© 2016            

By Keith S. Wexler, MBA, Maternal Fetal Medicine, Prenatal Diagnosis and Biotech/Life Sciences Consultant, GENASSIST, Inc.

Paul Wexler, M.D., F.A.C.O.G., Medical Director, GENASSIST, Inc.

Clinical Professor, Department of OB/GYN, University of Colorado Health Sciences Center

Clinical Professor, Division of Genetics/Dept. of Pediatrics, Univ. of Colorado/The Children’s Hospital

Background: Fetal DNA from the trophoblasts circulating in the maternal circulation make it possible for laboratories to screen for Fetal DNA in pregnancy.  Fetal DNA represents approximately 10-14% of Cell Free DNA in the maternal circulation.

Maternal Fetal Circulating Cell Free DNA (cf DNA) has helped uncover microdeletions – losses of very small pieces of chromosome(s) that are not visible under a microscope and can be associated with syndromes in a child.

Prior to Maternal Fetal DNA screening tests in pregnancy, the only way that a patient would know if they had a child with a microdeletion was at delivery with an “affected” child.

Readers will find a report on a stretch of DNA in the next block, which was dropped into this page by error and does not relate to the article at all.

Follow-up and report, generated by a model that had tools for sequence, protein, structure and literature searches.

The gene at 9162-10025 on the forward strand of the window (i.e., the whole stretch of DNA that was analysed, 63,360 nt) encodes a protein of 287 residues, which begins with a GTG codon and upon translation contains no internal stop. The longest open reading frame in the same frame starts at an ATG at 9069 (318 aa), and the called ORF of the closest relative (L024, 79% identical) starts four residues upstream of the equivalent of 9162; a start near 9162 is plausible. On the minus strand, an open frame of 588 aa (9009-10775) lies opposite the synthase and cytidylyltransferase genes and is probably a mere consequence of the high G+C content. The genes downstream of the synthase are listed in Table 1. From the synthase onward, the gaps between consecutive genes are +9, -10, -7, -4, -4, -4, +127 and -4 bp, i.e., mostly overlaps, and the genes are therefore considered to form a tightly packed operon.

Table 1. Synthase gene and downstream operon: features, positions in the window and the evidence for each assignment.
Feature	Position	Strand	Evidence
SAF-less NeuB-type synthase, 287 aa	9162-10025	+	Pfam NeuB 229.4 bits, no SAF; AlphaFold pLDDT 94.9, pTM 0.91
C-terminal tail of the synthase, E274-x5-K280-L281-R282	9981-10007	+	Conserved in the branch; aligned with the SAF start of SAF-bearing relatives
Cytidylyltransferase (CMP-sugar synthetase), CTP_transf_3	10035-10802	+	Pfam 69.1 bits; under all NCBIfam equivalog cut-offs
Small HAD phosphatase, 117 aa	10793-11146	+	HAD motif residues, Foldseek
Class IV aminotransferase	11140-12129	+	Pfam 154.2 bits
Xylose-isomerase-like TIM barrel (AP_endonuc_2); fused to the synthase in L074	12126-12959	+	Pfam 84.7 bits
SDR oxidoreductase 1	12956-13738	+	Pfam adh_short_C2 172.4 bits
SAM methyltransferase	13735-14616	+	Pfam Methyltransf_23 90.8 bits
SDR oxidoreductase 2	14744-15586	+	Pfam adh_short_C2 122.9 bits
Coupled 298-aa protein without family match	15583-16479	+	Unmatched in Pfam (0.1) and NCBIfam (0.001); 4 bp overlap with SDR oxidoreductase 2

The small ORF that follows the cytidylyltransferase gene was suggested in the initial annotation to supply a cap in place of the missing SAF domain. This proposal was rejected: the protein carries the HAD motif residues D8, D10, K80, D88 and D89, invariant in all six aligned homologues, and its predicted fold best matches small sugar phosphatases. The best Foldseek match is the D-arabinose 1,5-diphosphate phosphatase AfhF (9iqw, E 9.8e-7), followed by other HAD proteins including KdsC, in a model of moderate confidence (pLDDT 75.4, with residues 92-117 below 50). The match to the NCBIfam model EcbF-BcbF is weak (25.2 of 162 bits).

Jacobsen Syndrome (11q23 Deletion Syndrome): Is variable but most individuals affected are characterized by developmental delay involving motor skills and speech, behavioral problems. Part of the syndrome includes Paris-Trousseau Syndrome due to a platelet abnormality with bleeding and bruising.

  • Incidence – 1:100,000 births.


ANALYSISAt the current time the value of “routine” screening for Microdeletions on all patients is controversial because of the low prevalence of these disorders and the possibility of “false positive” and “false negative” results.

However, when a patient is identified as a candidate for invasive testing i.e. Chorionic Villus Sampling (CVS) and/or amniocentesis, the addition of Microdeletions may be indicated, particularly if family history or ultrasound findings suggest an increased possibility for detection of one of these rare disorders.